Breastfeeding ensures nutritious milk supply for babies

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The Nutritional Guidelines for Filipinos (NGF) Message # 2 recommends to “Breastfeed infants exclusively from birth up to 6 months, then give appropriate complementary foods while continuing breastfeeding for 2 years and beyond for optimum growth and development”.

The NGF is a set of 10 recommendations to achieve overall well-being through proper nutrition and healthy lifestyle. It was crafted by nutrition and health experts led by the DOST-FNRI.

The status of breastfeeding in the Philippines reveals how NGF Message # 2 was promoted to and practiced by lactating mothers.

The 2018 Expanded National Nutrition Survey (ENNS) by the DOST-FNRI showed that there is an increasing number of mothers who are able to breastfeed newborns within the first hour after delivery.

Eva A. Goyena, Ph.D., DOST-FNRI Senior Science Research Specialist, reported that in 2018, there were 7 out of 10 mothers who breastfed newborns within the first hour after birth, compared to 5 out of 10 mothers in 2011.

Breastfeeding during the first hour after birth is important because the mother’s milk contains colostrum.

Colostrum is the yellowish fluid that is secreted from the mammary glands of the breasts after giving birth. It is rich in nutrients and antibodies that is essential in strengthening the immune and digestive system of the baby.

Colostrum is sometimes referred as the first oral vaccine given to babies.

Dr. Goyena further reported that the number of mothers who exclusively breastfed infants from birth up to 6 months is likewise increasing. There are 3 out of 10 mothers who exclusively breastfed newborns up to six months in 2018, compared to 2 out 10 mothers in 2011.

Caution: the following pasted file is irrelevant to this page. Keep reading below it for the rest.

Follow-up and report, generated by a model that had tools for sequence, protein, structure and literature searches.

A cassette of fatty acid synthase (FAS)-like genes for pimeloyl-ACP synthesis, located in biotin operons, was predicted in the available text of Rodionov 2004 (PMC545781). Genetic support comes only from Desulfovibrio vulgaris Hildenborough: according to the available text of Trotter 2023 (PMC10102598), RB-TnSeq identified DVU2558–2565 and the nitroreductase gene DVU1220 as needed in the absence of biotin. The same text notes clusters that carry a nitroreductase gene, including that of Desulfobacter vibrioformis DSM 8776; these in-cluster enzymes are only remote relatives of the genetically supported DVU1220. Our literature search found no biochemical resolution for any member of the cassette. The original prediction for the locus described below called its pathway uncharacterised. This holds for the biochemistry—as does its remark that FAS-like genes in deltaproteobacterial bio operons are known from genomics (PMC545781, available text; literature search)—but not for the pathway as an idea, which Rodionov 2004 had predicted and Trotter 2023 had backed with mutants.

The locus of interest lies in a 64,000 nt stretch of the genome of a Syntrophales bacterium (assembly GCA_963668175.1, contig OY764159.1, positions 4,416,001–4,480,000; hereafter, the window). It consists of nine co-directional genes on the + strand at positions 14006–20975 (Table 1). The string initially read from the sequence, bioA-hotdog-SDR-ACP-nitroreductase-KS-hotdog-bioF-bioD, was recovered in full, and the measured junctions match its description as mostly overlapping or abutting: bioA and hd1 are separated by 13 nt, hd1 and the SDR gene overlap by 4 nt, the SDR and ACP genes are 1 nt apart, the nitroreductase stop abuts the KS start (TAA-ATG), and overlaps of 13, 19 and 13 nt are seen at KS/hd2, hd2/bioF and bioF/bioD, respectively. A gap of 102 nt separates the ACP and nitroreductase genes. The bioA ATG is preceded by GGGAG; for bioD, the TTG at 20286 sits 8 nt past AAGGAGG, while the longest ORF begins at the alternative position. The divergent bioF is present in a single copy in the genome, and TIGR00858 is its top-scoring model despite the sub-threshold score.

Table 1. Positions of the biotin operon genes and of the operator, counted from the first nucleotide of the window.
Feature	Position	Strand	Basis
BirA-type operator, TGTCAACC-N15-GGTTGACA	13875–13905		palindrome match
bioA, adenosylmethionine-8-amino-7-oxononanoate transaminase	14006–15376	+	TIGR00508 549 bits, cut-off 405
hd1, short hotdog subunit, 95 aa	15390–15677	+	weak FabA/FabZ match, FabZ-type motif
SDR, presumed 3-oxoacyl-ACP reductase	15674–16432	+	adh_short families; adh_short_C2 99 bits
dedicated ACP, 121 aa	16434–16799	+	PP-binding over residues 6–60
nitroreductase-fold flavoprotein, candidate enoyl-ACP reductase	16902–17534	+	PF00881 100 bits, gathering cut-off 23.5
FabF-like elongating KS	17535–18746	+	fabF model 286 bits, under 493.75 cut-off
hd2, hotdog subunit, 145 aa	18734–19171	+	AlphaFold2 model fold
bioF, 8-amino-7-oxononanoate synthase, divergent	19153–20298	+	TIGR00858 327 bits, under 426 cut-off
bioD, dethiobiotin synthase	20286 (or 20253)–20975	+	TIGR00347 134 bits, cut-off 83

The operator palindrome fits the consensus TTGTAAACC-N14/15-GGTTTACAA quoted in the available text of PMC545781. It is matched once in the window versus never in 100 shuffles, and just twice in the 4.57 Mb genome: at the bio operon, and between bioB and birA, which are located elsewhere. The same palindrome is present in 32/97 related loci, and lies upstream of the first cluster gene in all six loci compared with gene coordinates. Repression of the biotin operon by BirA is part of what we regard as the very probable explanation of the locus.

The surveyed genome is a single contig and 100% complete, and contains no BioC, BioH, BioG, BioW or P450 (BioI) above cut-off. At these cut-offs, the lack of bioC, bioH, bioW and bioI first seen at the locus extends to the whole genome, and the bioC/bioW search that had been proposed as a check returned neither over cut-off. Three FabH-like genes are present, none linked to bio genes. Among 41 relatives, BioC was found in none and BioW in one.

Although there is an increase in the number of mothers initiating breastfeeding from birth, the proportion of lactating mothers in our population who continue to exclusively breastfeeding infants until six months, in our is relatively low. Thus, there is a need to intensify our campaign on exclusive breastfeeding from birth until six months, Dr. Goyena added.

Exclusive breastfeeding is best for babies from birth up to six months because it can give the right proportion of nutrients needed by the infant. Thus, breastfed infants are likely to gain the right amount of weight.

Breastfeeding likewise protects the health of mothers. During breastfeeding, mothers release the hormone oxytocin that helps the uterus return to its pre-pregnancy size. They are also more likely able to return to their normal weight. Breastfeeding may also reduce the risk of ovarian and breast cancer.

Another advantage of breast feeding is promoting physical closeness between the mother and the newborn through skin-to-skin touching, eye to eye contact and familiarizing with the mother’s smell, voice, and face.

Breastfeeding saves time and money since there is no need to wash and sterilize feeding bottles and no need to buy expensive infant formula.

The NGF recommends complementary feeding at six months while continuing breastfeeding until to two years and beyond.

How many of the babies who were exclusively breastfed at six months were still breastfeeding at one year and at two years?

Dr. Goyena reported that there were 5 in every 10 infants who were still breastfeeding at 1 year, and the number decreased to 3 in every 10 who were still breastfeeding at two years old. Thus, the numbers may be increasing, but the proportion of babies still breastfed until two years old is very low.

In times of emergency, breastfeeding safeguards food security of the baby. It also means savings for the family by not buying formula milk and bottle feeding supplies and not worrying about medical expenses involved due to sickness related to its consumption and improper preparation.

Let us protect, promote, and support breastfeeding among pregnant mothers.

Breastfeeding guarantees enough, if not abundant, supply of nutritious milk for babies.

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